Photo by Adriana Grant
Zephyr Paquette is the chef the Elliott Bay Café , Tamara Murphy's cozy, wholesome, and delicious café in the basement of


Grillaxin' with Elliott Bay Cafe's Zephyr Paquette, Part One

Photo by Adriana Grant
Zephyr Paquette is the chef the Elliott Bay Café, Tamara Murphy's cozy, wholesome, and delicious café in the basement of what had been (since 1973) The Elliott Bay Book Company. The much beloved bookstore is reopening in its Capitol Hill location this Thursday, but EBC is staying put, with a second, smaller café in the works for the new bookshop. This is the first of a three-part interview that will explore Paquette's background and what's happening at EBC; part three will conclude with one of her recipes.

SW: So, tell me a little bit about your background.

Paquette: I'm not school-trained. I've been very lucky to go into a number of different restaurants here and around the country and be able to walk in and say, 'How do you do this here? I want to know how you do what you're doing.' Seattle's been my biggest growing spot. Tamara [Murphy] gave me my first job at .ing, which was a little hole-in-the-wall next to Area 51. That was eight years ago. I was at Café Flora for three years and that was great. I got picked up to do one of these reality TV shows, Making It Big. It was way back, four, five years. After Flora, I went to Dandelion, it was in Ballard. It was like the dream, Carol's dream. Carol Nockold. We had a really great relationship. She really helped me for a jumping off point. We were at the farmers markets, Saturdays, Sundays. I was there for six months when she went to the doctor; she had Lou Gehrig's disease, it took her very fast. After she passed away, I took a two-year hiatus, doing freelance jobs. And then I came down here and talked to Tamra for a long time, I was hanging out with her, and helping out, finishing with the rebuilding, I was finally able to get my feet back on the ground again, get together with the farmers I knew then, and reconnect with them. It's been phenomenal. The staff we have here, they pick up a lot. They're a fun little family.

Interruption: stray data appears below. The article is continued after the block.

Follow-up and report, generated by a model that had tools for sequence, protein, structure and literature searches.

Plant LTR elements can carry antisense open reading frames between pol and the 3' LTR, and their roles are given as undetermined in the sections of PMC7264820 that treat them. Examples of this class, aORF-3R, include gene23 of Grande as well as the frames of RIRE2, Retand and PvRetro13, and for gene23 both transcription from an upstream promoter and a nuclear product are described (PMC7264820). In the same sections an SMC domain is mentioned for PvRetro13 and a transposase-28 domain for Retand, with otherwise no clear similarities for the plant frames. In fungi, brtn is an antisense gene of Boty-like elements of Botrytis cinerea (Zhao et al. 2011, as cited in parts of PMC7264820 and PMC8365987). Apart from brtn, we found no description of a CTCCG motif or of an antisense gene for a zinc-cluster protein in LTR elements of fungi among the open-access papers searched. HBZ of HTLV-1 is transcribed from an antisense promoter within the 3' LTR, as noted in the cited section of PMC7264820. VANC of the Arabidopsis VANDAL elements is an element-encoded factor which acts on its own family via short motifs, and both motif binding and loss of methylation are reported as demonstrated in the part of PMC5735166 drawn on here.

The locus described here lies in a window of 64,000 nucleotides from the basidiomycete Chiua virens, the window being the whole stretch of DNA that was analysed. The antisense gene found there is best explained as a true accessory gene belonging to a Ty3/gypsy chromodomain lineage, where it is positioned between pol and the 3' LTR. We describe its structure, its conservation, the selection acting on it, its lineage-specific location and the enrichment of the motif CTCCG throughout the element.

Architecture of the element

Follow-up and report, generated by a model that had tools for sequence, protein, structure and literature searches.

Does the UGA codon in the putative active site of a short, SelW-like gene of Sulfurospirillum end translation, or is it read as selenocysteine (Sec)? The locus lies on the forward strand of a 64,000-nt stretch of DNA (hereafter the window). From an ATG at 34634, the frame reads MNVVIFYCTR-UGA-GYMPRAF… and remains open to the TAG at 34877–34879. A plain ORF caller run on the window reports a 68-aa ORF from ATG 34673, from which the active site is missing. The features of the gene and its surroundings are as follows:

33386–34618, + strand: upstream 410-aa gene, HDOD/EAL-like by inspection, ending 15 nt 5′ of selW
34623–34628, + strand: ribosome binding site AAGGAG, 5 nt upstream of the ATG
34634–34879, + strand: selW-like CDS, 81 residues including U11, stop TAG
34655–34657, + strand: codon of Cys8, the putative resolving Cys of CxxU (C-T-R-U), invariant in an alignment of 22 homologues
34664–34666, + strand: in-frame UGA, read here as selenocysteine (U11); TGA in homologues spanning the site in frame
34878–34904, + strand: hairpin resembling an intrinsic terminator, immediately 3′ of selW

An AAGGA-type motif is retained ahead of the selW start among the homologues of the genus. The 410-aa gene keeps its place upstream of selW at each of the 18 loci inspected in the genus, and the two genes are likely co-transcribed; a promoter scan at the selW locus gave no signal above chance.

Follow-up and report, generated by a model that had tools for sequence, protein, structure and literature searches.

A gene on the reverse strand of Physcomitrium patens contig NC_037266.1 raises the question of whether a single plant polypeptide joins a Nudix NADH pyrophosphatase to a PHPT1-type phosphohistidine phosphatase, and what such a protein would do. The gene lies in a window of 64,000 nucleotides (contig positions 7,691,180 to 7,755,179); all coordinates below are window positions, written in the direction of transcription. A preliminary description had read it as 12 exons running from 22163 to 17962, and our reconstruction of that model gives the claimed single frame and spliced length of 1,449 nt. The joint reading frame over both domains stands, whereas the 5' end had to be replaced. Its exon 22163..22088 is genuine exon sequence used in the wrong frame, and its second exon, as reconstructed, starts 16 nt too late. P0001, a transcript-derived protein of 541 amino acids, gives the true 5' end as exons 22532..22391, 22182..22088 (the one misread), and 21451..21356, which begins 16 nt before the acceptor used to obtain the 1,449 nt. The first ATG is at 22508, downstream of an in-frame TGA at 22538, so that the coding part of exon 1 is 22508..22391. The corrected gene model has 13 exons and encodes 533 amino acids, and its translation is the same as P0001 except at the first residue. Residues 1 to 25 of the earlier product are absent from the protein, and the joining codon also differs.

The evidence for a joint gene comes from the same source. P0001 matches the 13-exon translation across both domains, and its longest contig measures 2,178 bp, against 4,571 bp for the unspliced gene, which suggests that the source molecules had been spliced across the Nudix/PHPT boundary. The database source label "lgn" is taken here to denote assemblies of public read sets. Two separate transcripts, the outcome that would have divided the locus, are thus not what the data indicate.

What are your culinary inspirations?

The farm food. I think our menu is very ingredient-driven. Somebody will call me up and say, 'I'm bringing a pig in.' I know where it's coming through. We've got 283 pounds of fresh pig in there right now. A lot of it's going to Voracious. It comes and I'm like, 'OK, you guys, what do you want to do?' And we make it. Or I'll call up Linda at Ninety Farms, and I'll say let's do it, and she brings a lamb. Or Mad Hatcher Poultry has a really great batch of rabbits that they've just processed and I'll say, "I'll take five.' And they bring it in and I say, 'OK, you guys, what do you want to do with the rabbits?' And then I can say, 'Let's do confit. That was a really beautiful sandwich. It's really easy preparation.' We get to talk about how different flavor profiles go together.